The Philosophy of Musical Instruments
thesisposted on 2021-08-01, 00:00 authored by Nicholas Curry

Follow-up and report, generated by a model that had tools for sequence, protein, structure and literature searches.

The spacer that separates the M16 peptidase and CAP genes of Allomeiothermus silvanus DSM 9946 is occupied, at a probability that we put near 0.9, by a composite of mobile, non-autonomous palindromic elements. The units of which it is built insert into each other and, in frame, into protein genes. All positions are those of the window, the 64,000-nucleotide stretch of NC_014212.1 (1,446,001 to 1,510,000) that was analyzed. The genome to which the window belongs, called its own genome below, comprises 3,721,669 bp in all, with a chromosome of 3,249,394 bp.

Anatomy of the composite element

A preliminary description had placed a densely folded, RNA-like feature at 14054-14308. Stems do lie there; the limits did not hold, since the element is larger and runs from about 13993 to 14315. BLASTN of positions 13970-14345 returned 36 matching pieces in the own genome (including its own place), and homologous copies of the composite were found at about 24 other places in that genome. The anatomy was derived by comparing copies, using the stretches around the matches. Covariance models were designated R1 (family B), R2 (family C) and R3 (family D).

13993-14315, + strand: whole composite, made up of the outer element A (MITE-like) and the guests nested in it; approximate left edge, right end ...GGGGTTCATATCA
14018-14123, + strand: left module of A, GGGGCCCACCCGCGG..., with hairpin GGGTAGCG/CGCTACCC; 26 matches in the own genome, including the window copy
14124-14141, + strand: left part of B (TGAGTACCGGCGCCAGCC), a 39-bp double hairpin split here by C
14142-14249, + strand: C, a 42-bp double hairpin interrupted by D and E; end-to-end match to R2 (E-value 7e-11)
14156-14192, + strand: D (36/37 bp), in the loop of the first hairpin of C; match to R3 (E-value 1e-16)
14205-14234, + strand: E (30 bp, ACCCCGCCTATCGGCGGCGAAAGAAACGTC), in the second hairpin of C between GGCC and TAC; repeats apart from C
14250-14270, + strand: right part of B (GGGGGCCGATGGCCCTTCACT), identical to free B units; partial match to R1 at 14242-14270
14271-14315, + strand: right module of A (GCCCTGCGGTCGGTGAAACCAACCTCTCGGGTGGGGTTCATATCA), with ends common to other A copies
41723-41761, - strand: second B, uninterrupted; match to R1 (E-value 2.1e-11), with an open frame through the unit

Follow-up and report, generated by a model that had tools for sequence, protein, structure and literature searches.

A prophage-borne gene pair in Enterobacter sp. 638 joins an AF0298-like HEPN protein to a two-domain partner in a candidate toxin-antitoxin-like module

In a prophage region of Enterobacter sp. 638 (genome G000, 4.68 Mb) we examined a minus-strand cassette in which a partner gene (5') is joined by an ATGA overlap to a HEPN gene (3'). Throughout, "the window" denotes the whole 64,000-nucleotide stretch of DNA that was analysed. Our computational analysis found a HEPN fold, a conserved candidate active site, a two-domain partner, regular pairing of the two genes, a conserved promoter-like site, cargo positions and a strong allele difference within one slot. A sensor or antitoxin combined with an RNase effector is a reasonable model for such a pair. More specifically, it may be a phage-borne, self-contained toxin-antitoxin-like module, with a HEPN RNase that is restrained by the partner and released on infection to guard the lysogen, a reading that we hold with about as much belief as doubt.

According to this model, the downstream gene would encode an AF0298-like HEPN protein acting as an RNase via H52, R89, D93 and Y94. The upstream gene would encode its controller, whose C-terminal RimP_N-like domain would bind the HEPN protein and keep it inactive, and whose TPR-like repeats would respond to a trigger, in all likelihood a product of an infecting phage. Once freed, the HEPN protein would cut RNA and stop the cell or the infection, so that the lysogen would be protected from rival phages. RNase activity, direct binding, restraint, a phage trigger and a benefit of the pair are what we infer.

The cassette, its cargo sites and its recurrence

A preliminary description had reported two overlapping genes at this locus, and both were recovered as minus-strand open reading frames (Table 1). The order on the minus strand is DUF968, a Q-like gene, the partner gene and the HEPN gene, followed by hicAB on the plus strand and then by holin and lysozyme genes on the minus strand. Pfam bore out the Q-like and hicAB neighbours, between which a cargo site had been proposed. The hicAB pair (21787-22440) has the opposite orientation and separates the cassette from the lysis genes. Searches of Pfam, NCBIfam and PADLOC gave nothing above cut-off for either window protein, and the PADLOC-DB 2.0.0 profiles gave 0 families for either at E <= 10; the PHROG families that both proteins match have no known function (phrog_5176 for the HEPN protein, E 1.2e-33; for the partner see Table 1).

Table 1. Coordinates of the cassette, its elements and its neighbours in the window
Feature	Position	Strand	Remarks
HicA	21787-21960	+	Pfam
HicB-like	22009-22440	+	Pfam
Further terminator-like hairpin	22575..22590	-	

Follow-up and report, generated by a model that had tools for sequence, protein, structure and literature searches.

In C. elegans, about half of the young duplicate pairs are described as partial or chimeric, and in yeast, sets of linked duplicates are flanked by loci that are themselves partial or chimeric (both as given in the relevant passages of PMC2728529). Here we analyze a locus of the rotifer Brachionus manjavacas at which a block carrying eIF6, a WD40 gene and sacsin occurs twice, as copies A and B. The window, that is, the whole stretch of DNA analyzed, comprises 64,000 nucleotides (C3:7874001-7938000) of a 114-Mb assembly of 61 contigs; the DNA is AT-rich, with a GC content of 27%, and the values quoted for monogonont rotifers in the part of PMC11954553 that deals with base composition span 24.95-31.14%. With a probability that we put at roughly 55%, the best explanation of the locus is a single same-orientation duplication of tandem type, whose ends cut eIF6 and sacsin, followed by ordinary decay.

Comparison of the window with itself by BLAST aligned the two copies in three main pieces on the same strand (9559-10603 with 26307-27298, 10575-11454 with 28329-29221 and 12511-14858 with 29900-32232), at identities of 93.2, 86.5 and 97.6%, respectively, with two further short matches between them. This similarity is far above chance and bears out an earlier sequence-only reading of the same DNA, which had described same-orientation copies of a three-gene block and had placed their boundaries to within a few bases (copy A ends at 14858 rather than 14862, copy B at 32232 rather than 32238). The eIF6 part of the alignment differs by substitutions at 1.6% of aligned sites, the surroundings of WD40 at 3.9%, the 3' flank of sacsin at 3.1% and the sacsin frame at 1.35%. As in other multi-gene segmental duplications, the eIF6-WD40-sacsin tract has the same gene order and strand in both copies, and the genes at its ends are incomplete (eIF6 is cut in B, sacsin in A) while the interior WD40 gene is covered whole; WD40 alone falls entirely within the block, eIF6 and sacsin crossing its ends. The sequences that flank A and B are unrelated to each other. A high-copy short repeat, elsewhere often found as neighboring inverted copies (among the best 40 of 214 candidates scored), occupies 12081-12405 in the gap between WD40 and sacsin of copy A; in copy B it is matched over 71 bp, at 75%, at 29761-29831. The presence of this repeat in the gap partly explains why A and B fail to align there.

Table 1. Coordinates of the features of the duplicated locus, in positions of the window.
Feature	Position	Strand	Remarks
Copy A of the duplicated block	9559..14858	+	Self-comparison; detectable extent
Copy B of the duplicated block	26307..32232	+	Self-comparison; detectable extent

Simple reflection suggests that musical instruments are central to both musical practice and experiences of music. Nevertheless, there is neither a robust philosophical literature about musical instruments themselves nor much work in the philosophy of music that considers instruments when accounting for the nature of music. The overarching claim of this dissertation is that conceptual approaches to music that overlook or minimize musical instruments are thereby impoverished. This case is made in three parts. First, I argue that one source of the neglect of the contribution of instruments to music is the set of assumptions that I call, in a variation on a theme by Arthur Danto, the philosophical disenfranchisement of instruments. Several of these assumptions, which are common in both aesthetics and the philosophy of art, have their roots in Kantian aesthetics, notably anti-instrumentalism, spectator-centered aesthetics, and the genius-model of creativity. Second, I consider applications of the disenfranchisement of instruments in the philosophy of music, including widely accepted views such as the acousmatic account of musical listening and the “pure” music paradigm. I also discuss ways in which philosophical uses of musical concepts, particularly ‘timbre,’ diverge from their uses within musical practice. This reveals a second source of the neglect of musical instruments: the work-centered approach to music, which privileges the concept ‘musical work’ over other musical concepts (e.g. ‘performance,’ ‘composition,’ ‘tone’). Finally, I make a positive case for a conceptual approach to music that acknowledges the centrality of musical instruments in musical practices and experiences. This instrument-centered approach to music, as I conceive of it, is rooted in the notion of a musical culture. Instruments are both shaped by, but also shaping of, musical cultures. They thereby contribute to both experiencing and making music.